Photo by Tony Greco.
By Mark J. Cotter
“Will B.” batted 1.000 in the action/duty category; that is, the one time he was “on duty” with our department, he went to a working structure fire. A perfect record, some would say, though not necessarily impressive. What is noteworthy is that he was in the right place at the right time to participate in the action not so much by chance, but through his own initiative. Having watched so many recruits arrive both helpless and clueless, such purposeful enthusiasm was a breath of fresh air and provided an example that is worth sharing.
Will had reached the rank of captain in a busy volunteer department about 35 miles away, and then transferred to our company after he bought a home in our district. He had completed the department intake process, which includes a background check, medical examination, and orientation class; and he had been issued personal protective equipment. Volunteer firefighters in our organization can serve by performing in-station duty as well as by responding from home when alerted, such as for working fires, rescues, or additional alarms. Although he was fully vetted, Will had not yet been issued a pager or scheduled for his first shift.
His lone alarm occurred on a warm summer night with thick, dark clouds gathering on the horizon. Recognizing the potential for thunderstorms, and with the resulting increase in calls for alarm activations and downed trees, Will decided to make his way to the station to see if he might be needed. He was already en route and unaware when the rest of the department was alerted for a structure fire caused by a lightning strike. Immediately after he pulled into our lot, his car was surrounded by those of several other volunteers who were responding to the alarm.
Our in-station crew had responded with an engine, leaving the truck (ladder) for the volunteers to staff. Apparatus was also en route from one of our other stations and that of an adjoining town, but ours was the only aerial on the call. None of the other volunteers who responded that evening recognized the new person who “You could tell he knew what he was doing.” The officer got his name and ID tag, and they left the station within three minutes of the dispatch.
At the fire scene, a five-bedroom, 2½-story brick colonial that had been hit dead center by a lightning strike was showing fire in the walls on each floor that was blossoming into the attic; the truck crew had their work cut out for them. Any doubts about the stranger wearing our gear were quickly laid to rest as he demonstrated his prowess in scaling the ladder, handling tools, anticipating orders, and helping to quickly return the rig and tools to ready condition afterward; he was a truckie in his element.
Shortly after that call, the business with which he was employed underwent a merger; he was sent away for training and eventually was transferred to another town. He would never again respond to a call with our department, but I have no doubt his skills are being put to good use elsewhere.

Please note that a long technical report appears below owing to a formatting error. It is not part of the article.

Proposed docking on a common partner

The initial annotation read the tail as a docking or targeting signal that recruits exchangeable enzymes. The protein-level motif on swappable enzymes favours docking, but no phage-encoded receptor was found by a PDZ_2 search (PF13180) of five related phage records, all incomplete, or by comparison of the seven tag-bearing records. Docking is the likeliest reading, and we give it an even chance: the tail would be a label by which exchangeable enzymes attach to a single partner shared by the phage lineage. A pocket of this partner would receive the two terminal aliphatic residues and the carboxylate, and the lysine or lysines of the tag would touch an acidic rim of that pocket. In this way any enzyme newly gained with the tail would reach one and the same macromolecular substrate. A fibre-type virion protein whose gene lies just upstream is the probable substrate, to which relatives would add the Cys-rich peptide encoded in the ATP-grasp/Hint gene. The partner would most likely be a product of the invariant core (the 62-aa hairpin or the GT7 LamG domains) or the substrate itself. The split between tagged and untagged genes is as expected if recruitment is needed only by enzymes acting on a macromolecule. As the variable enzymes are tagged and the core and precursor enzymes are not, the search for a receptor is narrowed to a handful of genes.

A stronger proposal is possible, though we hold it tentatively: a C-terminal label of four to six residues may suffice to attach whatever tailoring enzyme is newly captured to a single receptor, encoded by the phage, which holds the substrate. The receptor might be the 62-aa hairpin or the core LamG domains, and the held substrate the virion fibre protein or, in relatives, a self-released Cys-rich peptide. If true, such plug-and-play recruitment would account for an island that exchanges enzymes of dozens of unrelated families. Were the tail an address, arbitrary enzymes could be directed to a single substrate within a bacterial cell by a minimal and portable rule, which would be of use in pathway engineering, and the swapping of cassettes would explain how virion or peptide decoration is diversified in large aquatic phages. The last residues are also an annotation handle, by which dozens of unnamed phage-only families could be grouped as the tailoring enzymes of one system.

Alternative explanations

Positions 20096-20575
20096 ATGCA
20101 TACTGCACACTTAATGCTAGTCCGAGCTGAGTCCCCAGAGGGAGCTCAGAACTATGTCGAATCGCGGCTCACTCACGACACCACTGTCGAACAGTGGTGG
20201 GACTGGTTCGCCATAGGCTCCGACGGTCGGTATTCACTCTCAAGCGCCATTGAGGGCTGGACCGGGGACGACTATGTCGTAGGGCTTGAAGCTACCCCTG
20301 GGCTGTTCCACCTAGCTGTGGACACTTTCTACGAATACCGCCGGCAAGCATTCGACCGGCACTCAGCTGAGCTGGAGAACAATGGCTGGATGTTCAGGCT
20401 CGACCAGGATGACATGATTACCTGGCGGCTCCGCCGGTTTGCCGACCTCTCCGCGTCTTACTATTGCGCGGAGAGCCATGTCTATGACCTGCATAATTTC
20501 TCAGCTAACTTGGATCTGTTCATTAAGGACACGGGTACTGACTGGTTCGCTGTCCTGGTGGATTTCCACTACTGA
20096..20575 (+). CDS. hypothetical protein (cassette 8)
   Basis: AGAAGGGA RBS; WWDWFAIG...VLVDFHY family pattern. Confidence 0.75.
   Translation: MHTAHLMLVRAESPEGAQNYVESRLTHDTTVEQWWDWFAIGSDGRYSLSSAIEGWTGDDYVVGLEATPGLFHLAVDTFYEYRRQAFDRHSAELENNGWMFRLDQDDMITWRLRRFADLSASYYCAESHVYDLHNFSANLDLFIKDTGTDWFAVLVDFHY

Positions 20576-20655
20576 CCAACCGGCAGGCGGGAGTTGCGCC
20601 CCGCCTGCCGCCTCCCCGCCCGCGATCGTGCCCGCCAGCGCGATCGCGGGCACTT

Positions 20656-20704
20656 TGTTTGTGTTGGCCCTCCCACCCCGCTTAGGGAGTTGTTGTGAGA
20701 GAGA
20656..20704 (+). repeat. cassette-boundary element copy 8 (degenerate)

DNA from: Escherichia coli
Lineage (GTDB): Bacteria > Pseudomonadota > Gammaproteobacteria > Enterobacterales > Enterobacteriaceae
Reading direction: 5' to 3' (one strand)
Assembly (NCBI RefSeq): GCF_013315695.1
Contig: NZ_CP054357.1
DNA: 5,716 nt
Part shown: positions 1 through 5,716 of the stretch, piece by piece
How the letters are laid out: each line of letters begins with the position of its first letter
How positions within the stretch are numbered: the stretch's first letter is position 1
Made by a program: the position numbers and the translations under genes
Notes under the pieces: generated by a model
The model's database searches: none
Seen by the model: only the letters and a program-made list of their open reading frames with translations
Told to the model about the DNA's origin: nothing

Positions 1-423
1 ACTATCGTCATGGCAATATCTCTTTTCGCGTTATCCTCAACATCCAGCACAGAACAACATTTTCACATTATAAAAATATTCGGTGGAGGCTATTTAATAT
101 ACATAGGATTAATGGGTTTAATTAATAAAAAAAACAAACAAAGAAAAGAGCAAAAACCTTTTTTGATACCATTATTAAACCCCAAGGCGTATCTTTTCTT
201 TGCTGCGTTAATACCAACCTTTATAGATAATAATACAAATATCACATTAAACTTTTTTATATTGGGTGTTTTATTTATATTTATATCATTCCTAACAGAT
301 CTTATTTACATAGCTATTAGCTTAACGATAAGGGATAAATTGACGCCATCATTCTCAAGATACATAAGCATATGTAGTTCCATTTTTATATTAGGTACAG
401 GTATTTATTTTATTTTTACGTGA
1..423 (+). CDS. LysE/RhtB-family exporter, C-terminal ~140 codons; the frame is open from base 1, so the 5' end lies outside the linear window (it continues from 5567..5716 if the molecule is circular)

A strong drive like his must have an outlet. One of the things that most impressed me about his “one-hit wonder” story is that he came to the station that night not because he expected an exciting call, but because he anticipated that there may be more calls than the on-duty crew could handle, and he wished to assist. He did not join in merely for the action.
There have been other new arrivals who exhibited such initiative. “Tevona L.” was an emergency medical technician from California who had navigated our state’s emergency medical services licensing bureaucracy and obtained the necessary transfers of her certifications prior to even applying to work with us as a volunteer. Also, “Austin E.” was a young but gifted firefighter attending our local university who dedicated himself to our department for four years and rejuvenated our live-in program for college students.
Now, such volunteers are a rarity; likely, that is what makes their stories so memorable. Certainly, expecting new members to be so eager and competent would be a recipe for failure, and it is important to craft intake processes that both motivate and guide recruits unschooled in the requirements and expectations of emergency services providers. In fact, even those who should have some insight such as the younger offspring of current members and more than a few “seasoned” transferees often come in with a malignant sense of entitlement. This is typically manifested by the belief that the goal—membership—can be reached without the journey (training and orientation). The results of that delusion are usually disappointing for everyone involved.
The opportunity to participate in emergency services activities is part chance and part preparation, but you can only affect the latter. It is the responsibility of each of us to always be ready to serve to the best of our ability. This means continuously striving to have the right knowledge and skills; maintaining our physical and mental health; and being in the right place organizationally, mentally, and physically to do the most good. Repeatedly informing the continuous waves of new participants of this reality is our collective task.
Mark J. Cotter has more than 40 years of experience in emergency services. He is a volunteer firefighter/EMT-B with the Salisbury (MD) Fire Department. Cotter can be reached at email@example.com.